Bet you’ve never considered making breakfast or Sunday brunch on the grill. Consider cooking your egg-soaked bread over flames as a way to coax even more flavour out of brag-worthy French toast. You can also use slices of brioche bread and whatever fruit happens to be in season. Of course, nobody could fault you for topping it all off with a drizzle of maple syrup. If you want it dairy free, you can use dairy alternatives such as oat milk and coconut yogurt. Not so fresh Somewhat stale bread is key to great French toast. You want it to be 2 to 3 days old. What if your bread isn’t aged enough? You can speed up the process by slicing bread and then placing it on a pan in 350 F (180 C) oven for about 10 minutes, or until it firms up. Make sure it’s sliced nice and thick to prevent the egg mixture-to-bread ratio being too heavy in favour of egg, resulting in soggy French toast.
Halloumi, a Greek-style cheese with a firm, chewy, almost meaty texture that makes it the ultimate—and literal!—cheesesteak option for the grill because it can withstand the soaring heat without melting. The intense heat of grilling also brings out the sweetness of the salad’s red peppers and zucchini, while a tomato dressing brightens up the whole meal. Farro, spelt, and quinoa are good alternatives to freekeh, but you can also make this salad grain free if you prefer. Great grain Freekeh is durum wheat that’s harvested while young and green. After being roasted over an open fire, its straw and chaff is rubbed off, leaving behind a smoky-tasting tender grain that is higher in protein and fibre than most other whole grains.
This combination of fish and walnuts is inspired by pasta dishes from Italy’s Amalfi Coast. Don’t be scared off by the anchovies. The preserved fish disappears into a rich, silken sauce infused with garlic and a hint of spice. Keeping the walnuts in large pieces adds a rich, nutty flavour and turns an economical dish into something a bit more luxurious. Fishing for anchovies Look for anchovy paste in tubes and anchovy fillets in oil in small jars or cans in the fridge section of your fish market or grocer. In a pinch, you can substitute a can of sardines in olive oil. Just be careful when choosing a brand, as some are quite salty. The leftover paste or jarred anchovies make for a tasty addition to any kind of sautéed greens, with or without pasta.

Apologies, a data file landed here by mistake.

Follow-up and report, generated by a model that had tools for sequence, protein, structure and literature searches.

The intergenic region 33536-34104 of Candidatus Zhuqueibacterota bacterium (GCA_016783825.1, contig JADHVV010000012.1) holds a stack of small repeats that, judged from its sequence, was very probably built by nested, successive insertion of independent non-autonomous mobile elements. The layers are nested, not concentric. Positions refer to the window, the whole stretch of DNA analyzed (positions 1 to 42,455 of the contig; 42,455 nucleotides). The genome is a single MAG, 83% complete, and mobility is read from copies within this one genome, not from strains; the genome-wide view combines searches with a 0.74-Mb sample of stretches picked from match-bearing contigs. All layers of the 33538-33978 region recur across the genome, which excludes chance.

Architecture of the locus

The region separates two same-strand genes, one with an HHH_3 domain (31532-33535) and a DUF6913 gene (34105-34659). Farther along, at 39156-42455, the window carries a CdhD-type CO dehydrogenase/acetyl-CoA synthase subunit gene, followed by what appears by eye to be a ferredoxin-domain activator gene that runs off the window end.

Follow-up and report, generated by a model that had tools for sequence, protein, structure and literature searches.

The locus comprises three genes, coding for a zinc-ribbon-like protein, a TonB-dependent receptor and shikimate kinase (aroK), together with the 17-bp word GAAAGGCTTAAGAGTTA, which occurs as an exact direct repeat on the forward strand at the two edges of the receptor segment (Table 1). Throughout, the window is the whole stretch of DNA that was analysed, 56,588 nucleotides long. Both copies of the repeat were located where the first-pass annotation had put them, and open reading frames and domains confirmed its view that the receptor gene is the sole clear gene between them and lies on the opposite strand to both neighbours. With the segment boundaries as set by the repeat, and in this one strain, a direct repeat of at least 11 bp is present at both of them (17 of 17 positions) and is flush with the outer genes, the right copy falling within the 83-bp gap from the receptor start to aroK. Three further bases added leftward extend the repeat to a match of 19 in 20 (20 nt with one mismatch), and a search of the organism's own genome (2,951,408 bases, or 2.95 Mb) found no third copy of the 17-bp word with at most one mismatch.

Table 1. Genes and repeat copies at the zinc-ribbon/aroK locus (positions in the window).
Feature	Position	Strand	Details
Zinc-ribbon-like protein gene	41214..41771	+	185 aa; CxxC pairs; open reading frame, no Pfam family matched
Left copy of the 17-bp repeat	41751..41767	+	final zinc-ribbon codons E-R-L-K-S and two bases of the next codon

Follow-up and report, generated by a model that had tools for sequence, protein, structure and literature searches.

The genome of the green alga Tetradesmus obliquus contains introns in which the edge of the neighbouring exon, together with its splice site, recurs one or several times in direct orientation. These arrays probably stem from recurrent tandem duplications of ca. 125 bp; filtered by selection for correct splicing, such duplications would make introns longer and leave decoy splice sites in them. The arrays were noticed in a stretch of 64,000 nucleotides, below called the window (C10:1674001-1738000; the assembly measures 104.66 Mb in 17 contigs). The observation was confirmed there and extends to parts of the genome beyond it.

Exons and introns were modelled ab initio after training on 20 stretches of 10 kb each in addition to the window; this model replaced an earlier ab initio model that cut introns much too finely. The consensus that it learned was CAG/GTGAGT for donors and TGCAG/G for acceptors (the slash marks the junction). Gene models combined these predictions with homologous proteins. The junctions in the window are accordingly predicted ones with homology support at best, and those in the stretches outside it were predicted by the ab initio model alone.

Inspired by Peruvian arroz con pollo , this dish blends an entire bunch of cilantro and spinach into a pot of rice, tinting it green. It’s a full meal on its own, but you can leave out the chicken and it becomes a vegetarian side dish. If you use commercial broth that’s high in sodium, reduce the salt you add in the first step. Hold the heat? The heat of the chili pepper comes from the white membrane and seeds, so if you like spicy, keep them when you blend the pepper. Otherwise, remove them.
These wraps are naturally gluten-free and can be extra crunchy, juicy, or savoury depending on your wrapper choice. If you use lettuce, choose a type with large, firm leaves that will hold the fillings well. Collard greens are sturdier and more nutritious, but you’ll want to remove the stems before rolling. Don’t let that fibre go to waste, though; dice the stems and use them for soup or stir-fries, or pickle them for salads. What’s peanut butter powder? Peanut butter powder has the concentrated flavour of peanut butter without the oil. It’s convenient not only for camping trips, but also for sauces and dips. It comes in unsweetened, sweetened, and chocolate flavours. If you can’t find it, substitute regular, unsweetened peanut butter, and skip the sesame oil.
Both black cod and turbot have incredibly tender, buttery texture and rich flavour that pairs perfectly with miso and maple. The main differences are that turbot is usually less expensive and it’s thinner, so it cooks a little quicker. Both are usually sustainable and come from Canada or the US. Tatsoi works, too You can use smaller bok choy (or tatsoi) for easier serving. They also have more nooks and crannies for the sweet-and-salty sauce. The recipe works with other greens, too—the tougher the better for withstanding the heat.
Lemony sorrel and white wine add a delicious tang to this up-styled leek and potato soup. If you can’t find sorrel, use spinach, nettle, or Swiss chard with a teaspoon of fresh lemon juice. The almond cream is optional, but it makes for a pretty presentation. Skip it if you have an allergy or low-powered blender. Keep the wine dry Choose a dry wine so there’s no obvious taste of residual sugar in the soup. If you prefer not to use wine, use 5 cups (1.25 L) vegetable broth instead of four.
These Asian-inspired salmon burgers won’t leave you missing the beef or the bun. And keep this fruity and fiery salsa in mind the next time you want to jazz up grilled chicken or taco night. Serrano pepper or chile de arbol would be good swaps for bird’s eye pepper in the salsa. You can even mix some Sriracha sauce into the burgers to further punch up the meal. Skin deep Skinless fish is the only way to go for burgers. A helpful fishmonger will kindly skin fillets for you before purchase. As an alternative to salmon, you can also blend up skinless fillets of arctic char or rainbow trout.